* GE is a 3D visualization platform. You can't animate through a dataset with 2D maps like Google Maps. You talk about thematic maps with 3D symbols being blocked - yet with a Tour you can easily take the user around to different perspectives where the data is all visible.

* The new Tour mode and GE Plugin make it possible to present controlled presentations of the data and add annotations, add narrations, present other data (through overlays and placemark windows), and other multimedia content (videos).

* You can also provide 2D maps (through the placemark windows) along with the 3D views - or side-by-side views with GE and GM.

I believe the GE platform has a lot of untapped resources as a visualization platform, and is now much more versatile for data presentation than it was 3 months ago.

Mark Harrower said...

Hi Rich - I really like your list of 3 additional good uses for virtual globes and all of them strike me as tasks in which the 3rd dimension (and the lay of the land) is an integral part of the map reading experience. I'm not aware of any work to test this, but it would be interesting to know if #2 would be more effect as a 3D GE map or as a 2D map draped over a hillshade terrain map...both would show the relationship between the terrain and the thematic data and I suspect the effectiveness would depend on the map reading tasks (e.g., if they need to estimate slopes, or distance, or...)

Geology applications are where I think virtual earths will really shine (but that's just a hunch) because we've really struggled to show true 3D data (unlike the 2.5D data of the earth's surface, or 2D data of most thematic datasets). Same with the oceans. When the data are rich in the z-dimension, virtual globes make a lot of sense it seems.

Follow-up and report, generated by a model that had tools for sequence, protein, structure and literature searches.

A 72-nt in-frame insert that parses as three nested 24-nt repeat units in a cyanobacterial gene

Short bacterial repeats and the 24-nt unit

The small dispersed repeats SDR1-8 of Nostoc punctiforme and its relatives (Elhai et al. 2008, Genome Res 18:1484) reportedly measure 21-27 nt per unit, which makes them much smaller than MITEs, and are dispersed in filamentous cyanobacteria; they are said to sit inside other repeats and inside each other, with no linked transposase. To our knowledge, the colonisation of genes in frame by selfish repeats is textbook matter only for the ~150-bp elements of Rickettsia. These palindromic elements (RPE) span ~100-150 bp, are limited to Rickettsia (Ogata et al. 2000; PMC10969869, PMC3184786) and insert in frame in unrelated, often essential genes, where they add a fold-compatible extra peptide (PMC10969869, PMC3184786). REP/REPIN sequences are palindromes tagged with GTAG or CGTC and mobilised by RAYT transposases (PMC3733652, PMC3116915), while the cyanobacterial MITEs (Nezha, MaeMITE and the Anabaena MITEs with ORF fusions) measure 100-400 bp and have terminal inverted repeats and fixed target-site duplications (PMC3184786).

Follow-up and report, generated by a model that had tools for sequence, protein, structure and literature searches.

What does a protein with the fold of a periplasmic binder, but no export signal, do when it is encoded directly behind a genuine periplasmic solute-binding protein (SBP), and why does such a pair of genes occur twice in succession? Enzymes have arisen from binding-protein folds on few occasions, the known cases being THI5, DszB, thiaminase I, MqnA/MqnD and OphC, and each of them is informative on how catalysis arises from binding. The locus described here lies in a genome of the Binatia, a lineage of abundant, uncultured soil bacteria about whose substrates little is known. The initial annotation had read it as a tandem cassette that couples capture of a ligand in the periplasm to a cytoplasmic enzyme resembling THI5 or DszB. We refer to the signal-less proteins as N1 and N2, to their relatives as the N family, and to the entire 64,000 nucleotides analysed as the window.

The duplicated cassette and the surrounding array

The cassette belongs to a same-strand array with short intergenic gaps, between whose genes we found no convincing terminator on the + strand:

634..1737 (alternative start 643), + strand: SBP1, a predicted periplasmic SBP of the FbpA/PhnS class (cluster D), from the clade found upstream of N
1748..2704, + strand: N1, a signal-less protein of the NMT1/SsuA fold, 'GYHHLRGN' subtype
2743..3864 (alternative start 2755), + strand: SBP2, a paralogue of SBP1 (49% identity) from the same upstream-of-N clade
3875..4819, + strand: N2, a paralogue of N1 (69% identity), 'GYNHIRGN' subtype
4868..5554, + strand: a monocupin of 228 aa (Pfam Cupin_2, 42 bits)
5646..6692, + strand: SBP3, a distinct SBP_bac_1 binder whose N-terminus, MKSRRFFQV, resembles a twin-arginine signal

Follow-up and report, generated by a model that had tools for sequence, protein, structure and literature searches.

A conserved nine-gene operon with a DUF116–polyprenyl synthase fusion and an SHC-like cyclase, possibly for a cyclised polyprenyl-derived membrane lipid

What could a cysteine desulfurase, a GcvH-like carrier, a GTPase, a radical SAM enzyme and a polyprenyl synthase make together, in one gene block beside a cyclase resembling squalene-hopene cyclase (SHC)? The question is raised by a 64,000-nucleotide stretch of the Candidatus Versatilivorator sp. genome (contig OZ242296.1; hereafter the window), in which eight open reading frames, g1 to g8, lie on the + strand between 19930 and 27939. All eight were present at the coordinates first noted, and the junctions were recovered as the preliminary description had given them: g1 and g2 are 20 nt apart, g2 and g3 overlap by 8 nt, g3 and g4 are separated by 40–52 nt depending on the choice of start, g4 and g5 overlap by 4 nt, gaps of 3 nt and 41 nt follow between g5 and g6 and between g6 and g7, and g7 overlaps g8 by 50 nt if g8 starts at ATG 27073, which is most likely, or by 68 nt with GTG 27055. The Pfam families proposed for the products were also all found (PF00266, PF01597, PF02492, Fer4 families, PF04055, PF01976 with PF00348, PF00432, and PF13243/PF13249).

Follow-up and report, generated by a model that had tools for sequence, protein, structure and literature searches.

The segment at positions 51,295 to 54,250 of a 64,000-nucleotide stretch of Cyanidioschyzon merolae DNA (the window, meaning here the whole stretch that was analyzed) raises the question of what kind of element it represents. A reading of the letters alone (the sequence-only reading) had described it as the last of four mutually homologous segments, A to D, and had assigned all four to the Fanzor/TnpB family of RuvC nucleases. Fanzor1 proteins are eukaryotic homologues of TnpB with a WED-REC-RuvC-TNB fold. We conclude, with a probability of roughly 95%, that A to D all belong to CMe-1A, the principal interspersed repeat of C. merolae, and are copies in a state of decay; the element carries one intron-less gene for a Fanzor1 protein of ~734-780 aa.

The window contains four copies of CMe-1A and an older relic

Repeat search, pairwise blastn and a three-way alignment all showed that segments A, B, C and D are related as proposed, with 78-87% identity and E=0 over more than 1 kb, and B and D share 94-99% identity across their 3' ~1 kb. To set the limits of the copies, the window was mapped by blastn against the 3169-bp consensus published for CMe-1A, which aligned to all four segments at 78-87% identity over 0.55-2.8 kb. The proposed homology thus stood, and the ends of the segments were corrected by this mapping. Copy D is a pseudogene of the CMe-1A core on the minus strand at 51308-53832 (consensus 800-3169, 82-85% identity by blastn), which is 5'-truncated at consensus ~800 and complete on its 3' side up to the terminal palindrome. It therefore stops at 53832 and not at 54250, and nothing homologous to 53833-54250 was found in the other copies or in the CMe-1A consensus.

p.s. the title of the post was just to get some attention...I'm not normally given to such over-the-top claims :)

Rich Treves said...


You have a point here, it may be that if you present a thematic map in a 3D way and animate with tour/add 2D animations etc users would find it more engaging than a normal colored 2D map. IMHO I think there may be additional problems with this but you have a valid point.

However, what I think Mark and I are both referring to is a easily measurable task e.g.'using this map tell us what the population of the UK is'. In that narrow definition of the usefulness of a thematic map you don't want to introduce extra steps between the user being able to find the country concerned and read off the value. Each of your suggestions adds cognitive load (work) to the user - using the mouse to navigate around other data values, having to scan through a tour or flick eye position between 2 separate maps respectively. Although the work doesn't sound like much its the sort of thing that makes a web page tiring and encourages people to lose interest and, as I'm sure you know from your own web logs, users of the internet lose interest at a phenomenal rate.

To return to an earlier point though, I admit that the narrow task 'read off a value' is not the only reason we are putting data out in virtual globes.

So, as Mark says, I think we need user testing to see what exactly how users react to the new forms of presentation which happens to be exactly what I'm trying to get off the ground at the moment :)

Rich Treves said...

Hi Mark,

I agree that geology presentations are a great application of virtual globes. Interestingly, I have seen some great atmospheric representations of data, I think from NASA which is much the same problem: fence diagrams, models with slices through, that sort of thing. Afraid I can't remember the source for you.

IMHO the ability to fly between scales with the user just immediatly knowing we have switched from continental to m scales is a huge advantage of virtual globes.

In the case of GEarth virtual globes are also a simple layer control system but that isn't a unique characteristic: GMaps allows much the same functionality.

As for attention, no need to clamour for mine :) you'll see from the number of mentions Axis Maps gets on this blog that I rate your work highly